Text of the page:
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Published: Thursday, 12/6/2001

Kaptur goes to bat for Mideast men


Federal authorities have completed interviews with local Middle Eastern men, but U.S. Rep. Marcy Kaptur wants the Arab-American community to know those interviewed can receive free legal representation if they must face another round of questioning.

Miss Kaptur (D. Toledo) asked the Toledo Bar Association whether it could arrange to make attorneys available to counsel Middle Eastern men federal authorities and local police want to question.

David Bauer, head of the U.S. attorney's office in Toledo, said yesterday that the interviews were finished this week.

He would not say how many people were questioned, but FBI agents had said that fewer than 10 area men would be among those questioned.

Authorities said more than 5,000 visitors nationwide are being contacted for questioning, including about 100 in Ohio. The Justice Department announced its intention last month to interview the men, ages 18 to 33, here on visas from Muslim countries in the Middle East or Southeast Asia.

Last week, after learning that authorities wanted to question Middle Eastern men on the chance they may know something about terrorism, Miss Kaptur approached the Toledo Bar Association about the possibility of using its Pro Bono Legal Services Program for local Middle Eastern men.

“To be interviewed by some official from the government can be extremely frightening,” she said. “If we have people being interviewed who want to speak with an attorney, we should try to provide that.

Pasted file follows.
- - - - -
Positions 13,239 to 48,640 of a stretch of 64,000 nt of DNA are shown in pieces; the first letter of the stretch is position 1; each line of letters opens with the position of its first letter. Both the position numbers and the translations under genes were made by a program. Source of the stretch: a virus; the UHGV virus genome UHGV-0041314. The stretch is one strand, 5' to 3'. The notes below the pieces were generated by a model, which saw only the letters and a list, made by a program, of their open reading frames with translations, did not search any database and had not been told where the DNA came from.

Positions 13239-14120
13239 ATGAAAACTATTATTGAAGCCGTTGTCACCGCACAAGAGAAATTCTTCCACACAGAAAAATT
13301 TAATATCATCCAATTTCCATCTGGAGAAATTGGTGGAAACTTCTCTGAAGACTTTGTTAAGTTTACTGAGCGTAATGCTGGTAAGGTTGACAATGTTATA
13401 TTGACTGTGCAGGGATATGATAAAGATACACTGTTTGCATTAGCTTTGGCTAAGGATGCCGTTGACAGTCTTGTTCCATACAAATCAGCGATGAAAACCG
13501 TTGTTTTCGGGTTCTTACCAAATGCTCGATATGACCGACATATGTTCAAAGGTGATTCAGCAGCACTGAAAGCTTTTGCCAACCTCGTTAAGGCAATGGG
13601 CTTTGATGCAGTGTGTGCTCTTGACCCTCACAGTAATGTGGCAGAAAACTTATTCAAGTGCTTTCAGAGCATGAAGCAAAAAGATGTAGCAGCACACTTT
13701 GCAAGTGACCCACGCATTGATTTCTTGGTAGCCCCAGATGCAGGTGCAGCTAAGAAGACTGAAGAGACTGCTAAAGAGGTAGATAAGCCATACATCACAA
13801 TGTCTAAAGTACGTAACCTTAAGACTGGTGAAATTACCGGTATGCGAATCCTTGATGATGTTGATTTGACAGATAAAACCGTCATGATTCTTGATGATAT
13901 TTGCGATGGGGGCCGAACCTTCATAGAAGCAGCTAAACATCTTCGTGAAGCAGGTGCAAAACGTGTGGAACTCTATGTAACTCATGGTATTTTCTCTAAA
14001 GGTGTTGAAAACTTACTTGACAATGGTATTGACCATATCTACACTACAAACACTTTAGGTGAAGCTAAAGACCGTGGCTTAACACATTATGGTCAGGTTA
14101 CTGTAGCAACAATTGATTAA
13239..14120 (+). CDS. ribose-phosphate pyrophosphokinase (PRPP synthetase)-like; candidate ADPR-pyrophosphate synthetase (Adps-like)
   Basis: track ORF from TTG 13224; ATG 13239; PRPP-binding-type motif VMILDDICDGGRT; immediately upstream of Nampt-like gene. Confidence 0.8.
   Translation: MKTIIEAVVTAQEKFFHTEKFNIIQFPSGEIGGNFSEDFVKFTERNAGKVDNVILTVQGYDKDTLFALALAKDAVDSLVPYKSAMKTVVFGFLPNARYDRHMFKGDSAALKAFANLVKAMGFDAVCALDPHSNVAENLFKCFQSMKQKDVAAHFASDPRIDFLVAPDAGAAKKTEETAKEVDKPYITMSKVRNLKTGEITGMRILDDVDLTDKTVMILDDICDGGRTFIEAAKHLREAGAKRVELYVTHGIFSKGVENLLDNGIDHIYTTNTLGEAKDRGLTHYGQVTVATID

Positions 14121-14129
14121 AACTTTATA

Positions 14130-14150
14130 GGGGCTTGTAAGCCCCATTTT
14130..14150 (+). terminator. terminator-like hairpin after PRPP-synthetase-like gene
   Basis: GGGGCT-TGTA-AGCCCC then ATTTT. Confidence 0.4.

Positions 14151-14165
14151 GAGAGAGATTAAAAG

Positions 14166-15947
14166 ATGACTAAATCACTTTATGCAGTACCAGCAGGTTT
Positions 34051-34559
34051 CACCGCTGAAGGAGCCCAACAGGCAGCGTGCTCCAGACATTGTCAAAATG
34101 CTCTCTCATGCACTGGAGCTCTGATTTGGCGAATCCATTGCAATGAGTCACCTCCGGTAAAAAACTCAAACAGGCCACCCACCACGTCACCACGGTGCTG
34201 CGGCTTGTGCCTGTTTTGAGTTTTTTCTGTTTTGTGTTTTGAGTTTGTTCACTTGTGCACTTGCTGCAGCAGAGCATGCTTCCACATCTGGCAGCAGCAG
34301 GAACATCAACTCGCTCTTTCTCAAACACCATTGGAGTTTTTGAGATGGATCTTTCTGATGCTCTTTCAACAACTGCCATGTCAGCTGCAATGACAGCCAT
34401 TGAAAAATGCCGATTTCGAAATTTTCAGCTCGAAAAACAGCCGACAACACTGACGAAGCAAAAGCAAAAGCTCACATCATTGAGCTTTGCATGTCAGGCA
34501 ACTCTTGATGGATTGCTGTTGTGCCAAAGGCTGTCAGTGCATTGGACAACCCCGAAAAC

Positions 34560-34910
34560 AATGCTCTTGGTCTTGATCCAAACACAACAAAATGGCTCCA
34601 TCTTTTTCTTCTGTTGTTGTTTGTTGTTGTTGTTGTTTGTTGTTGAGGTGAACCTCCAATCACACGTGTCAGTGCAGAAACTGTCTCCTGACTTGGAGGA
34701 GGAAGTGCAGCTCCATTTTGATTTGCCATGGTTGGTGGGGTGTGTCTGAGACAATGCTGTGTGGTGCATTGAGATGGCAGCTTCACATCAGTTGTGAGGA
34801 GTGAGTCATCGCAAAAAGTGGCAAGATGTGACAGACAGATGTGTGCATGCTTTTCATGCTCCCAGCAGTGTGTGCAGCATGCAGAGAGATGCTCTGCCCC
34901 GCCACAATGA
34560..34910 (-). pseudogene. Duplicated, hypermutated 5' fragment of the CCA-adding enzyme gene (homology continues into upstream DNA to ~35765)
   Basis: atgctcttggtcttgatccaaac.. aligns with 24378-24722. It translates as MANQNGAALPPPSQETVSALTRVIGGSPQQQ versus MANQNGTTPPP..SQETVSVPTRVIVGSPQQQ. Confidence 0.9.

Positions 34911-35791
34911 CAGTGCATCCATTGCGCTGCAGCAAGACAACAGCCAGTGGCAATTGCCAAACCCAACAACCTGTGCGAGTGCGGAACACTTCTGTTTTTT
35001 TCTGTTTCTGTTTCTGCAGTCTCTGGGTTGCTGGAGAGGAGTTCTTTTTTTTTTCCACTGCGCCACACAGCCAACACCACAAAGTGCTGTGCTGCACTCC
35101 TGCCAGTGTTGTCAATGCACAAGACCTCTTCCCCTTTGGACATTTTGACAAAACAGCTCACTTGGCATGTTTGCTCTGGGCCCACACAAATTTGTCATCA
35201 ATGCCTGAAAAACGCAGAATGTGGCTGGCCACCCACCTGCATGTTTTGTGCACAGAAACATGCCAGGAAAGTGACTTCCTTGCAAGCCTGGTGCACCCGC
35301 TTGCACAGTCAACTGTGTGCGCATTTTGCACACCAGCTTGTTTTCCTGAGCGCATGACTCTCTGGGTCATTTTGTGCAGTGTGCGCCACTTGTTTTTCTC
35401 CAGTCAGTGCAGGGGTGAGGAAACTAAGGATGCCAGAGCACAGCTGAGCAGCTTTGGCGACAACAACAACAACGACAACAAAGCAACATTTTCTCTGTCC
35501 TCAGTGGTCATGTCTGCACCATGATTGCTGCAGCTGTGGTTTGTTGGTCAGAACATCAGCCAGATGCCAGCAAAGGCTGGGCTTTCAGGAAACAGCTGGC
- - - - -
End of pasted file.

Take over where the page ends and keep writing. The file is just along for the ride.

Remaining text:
“My concern is that nobody should be alone,” Miss Kaptur said. “We have a system of law, and we have a system that assures innocence until proven guilty.”

In response to her request, U.S. District Judge James Carr, president of the Toledo Bar Association, sent e-mails to attorneys who belong to the Toledo Bar and Maumee Valley Criminal Defense Lawyers Association, appealing for their assistance. Judge Carr received answers from 20 attorneys, volunteering to help.

“Judge Carr asked volunteer attorneys to be on call for consultation, to give persons facing questioning rudimentary understanding of their basic constitutional rights,” said Jenna Grubb, director of communications for the Toledo Bar.

The attorneys would have talked with the men before meeting with investigators, but they would not have accompanied them into the appointments, she said.

“In cases where legal problems or issues might arise, the person in question would be referred to appropriate legal counsel,” Ms. Grubb said.

Mr. Bauer said the men could have taken attorneys with them to the interviews.

Jeff Gamso, a Toledo lawyer and vice president of the Ohio chapter of the American Civil Liberties Union, said having attorneys available as advisers would be a good idea because the men likely are unfamiliar with the U.S. judicial system.

“This is an investigation of major proportions by the chief investigation arm of the federal government. They are interrogating people who we can safely presume are not fully cognizant of their rights,” Mr. Gamso said.

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